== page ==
December 9, 2020

Sometimes Healing feels more like Drowning.

People avoid the subject.

They rub their hands awkwardly on their jeans before standing up and saying,

“Whelp, you’re managing marvellously under the circumstances!”

“You’re stronger than I would be.”

I want to whirl around and yell in their faces that I am not managing.

I don’t want to cope.

I am not waving but drowning. (Thanks, Stevie Smith.)

There is no coping, only being dragged along on the bottom of a bumpy river bed,

tossed between one emotion and another. And floundering.

Never gaining purpose because of the weighty anchor of the life that was before.

Desperately trying not to cut loose because you can’t bear to lose her.

But needing to, for the sake of sanity.

Your own sanity, which eats at you.

And then at that moment, that final, earth-shattering moment,

when your tiny world seems to stand still in that deathly-silent room,

as the chaos of life revolves unknowingly around you,

outside and uncaring that one more light has just flickered out,

the weight is released.

And you stop.

You are not pulled back or clawing for purpose.

You float.

Unfeeling, untethered, but most definitely not free.

And a gentle nothingness surrounds you in a way it never has before, except maybe at the birth of a child.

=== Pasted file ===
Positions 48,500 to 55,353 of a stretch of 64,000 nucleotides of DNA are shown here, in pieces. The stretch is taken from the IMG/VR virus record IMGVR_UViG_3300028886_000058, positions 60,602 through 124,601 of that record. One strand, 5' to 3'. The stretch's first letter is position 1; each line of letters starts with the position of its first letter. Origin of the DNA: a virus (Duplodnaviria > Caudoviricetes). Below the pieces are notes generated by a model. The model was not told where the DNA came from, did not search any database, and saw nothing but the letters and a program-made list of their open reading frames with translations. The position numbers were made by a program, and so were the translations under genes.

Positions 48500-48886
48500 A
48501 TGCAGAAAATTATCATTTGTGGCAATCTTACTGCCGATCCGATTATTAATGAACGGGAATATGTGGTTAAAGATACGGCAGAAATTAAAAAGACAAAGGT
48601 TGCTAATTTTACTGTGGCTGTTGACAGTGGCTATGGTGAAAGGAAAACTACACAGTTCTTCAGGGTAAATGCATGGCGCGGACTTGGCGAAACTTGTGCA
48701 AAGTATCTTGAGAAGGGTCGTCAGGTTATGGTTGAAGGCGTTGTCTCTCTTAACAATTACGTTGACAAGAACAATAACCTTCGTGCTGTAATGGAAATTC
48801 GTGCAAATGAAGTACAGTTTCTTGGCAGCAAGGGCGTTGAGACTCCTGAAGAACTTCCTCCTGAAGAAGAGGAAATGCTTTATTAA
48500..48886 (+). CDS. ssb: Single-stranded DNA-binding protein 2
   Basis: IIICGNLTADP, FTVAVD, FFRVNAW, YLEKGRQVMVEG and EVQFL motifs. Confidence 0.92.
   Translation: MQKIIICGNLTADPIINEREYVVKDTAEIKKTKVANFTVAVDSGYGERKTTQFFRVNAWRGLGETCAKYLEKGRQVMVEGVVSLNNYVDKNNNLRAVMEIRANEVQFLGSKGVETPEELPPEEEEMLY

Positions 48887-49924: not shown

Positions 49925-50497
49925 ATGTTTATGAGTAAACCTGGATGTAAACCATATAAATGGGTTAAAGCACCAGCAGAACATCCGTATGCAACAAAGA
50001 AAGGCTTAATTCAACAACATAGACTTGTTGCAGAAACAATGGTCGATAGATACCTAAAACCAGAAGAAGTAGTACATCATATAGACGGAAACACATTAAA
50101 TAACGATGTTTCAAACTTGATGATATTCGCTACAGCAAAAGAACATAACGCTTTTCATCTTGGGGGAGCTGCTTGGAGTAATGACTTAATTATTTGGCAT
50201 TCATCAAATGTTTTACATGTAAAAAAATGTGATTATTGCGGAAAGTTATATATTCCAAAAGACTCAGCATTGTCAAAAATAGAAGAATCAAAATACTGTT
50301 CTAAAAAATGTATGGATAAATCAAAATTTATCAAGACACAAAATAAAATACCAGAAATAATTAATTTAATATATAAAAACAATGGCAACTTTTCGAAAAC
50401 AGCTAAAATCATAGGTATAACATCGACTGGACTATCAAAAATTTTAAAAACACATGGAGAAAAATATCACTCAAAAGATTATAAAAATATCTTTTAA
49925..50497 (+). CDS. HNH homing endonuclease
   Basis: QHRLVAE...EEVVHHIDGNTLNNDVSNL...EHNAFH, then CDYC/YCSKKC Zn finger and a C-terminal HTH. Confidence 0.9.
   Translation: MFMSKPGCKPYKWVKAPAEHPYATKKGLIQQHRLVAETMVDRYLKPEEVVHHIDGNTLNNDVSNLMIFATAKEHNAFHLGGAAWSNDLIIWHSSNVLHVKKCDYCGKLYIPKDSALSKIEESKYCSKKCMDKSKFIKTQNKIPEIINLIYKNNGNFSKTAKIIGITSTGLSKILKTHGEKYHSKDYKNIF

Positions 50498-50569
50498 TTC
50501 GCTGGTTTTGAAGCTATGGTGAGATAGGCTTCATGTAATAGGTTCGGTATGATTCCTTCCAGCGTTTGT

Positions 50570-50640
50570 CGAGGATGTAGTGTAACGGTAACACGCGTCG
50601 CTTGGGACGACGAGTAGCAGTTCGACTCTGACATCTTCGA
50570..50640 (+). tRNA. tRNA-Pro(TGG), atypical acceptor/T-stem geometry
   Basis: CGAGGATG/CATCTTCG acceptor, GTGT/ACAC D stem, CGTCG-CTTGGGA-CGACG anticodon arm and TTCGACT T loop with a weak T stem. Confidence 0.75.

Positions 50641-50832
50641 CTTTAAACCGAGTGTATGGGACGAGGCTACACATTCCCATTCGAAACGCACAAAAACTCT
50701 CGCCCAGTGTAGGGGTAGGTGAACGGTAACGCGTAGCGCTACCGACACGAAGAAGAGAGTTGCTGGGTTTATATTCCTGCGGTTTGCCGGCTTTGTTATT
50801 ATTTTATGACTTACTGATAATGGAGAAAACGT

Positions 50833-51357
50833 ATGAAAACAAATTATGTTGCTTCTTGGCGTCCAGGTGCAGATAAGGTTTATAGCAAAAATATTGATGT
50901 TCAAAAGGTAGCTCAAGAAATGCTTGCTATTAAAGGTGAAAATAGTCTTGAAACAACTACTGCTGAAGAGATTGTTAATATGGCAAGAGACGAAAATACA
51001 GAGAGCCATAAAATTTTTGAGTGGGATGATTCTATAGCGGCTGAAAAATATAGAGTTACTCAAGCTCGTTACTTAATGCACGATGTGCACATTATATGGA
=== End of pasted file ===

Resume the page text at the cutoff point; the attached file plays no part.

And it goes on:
If you’ve had one, a new phase begins again because you cannot remember how to function as you did before.

The ghostly anchor that’s tied to old memories makes you mourn the loss of a life 

so bright and twined irreversibly with yours.

And you don’t want to cut yourself free from it.

Still, you cannot press on and continue with life in a way others seem to naturally expect.

The world waits for no man! We’ve heard time and again.

And so I wait for it. Longing to be “normal.”

To smile without feeling the hollow widen deep inside me because she is not here to share the moment.

And never will be again.

The shadows creep—mocking and taunting the memories that we will never make.

Soon, the bright lights follow to remind me of those last few painful weeks.

The blazing colours make sure I will never forget that agonised look, the shallow, ragged breath,

and the love drawn from every haggard line that has wasted her.

I will never forget; her love is within me.

It is me.

It is not enough to go through the motions as though it never happened.

Still, I feel like I can’t keep up.

The world needs to remember that when I wave,

I am drowning.

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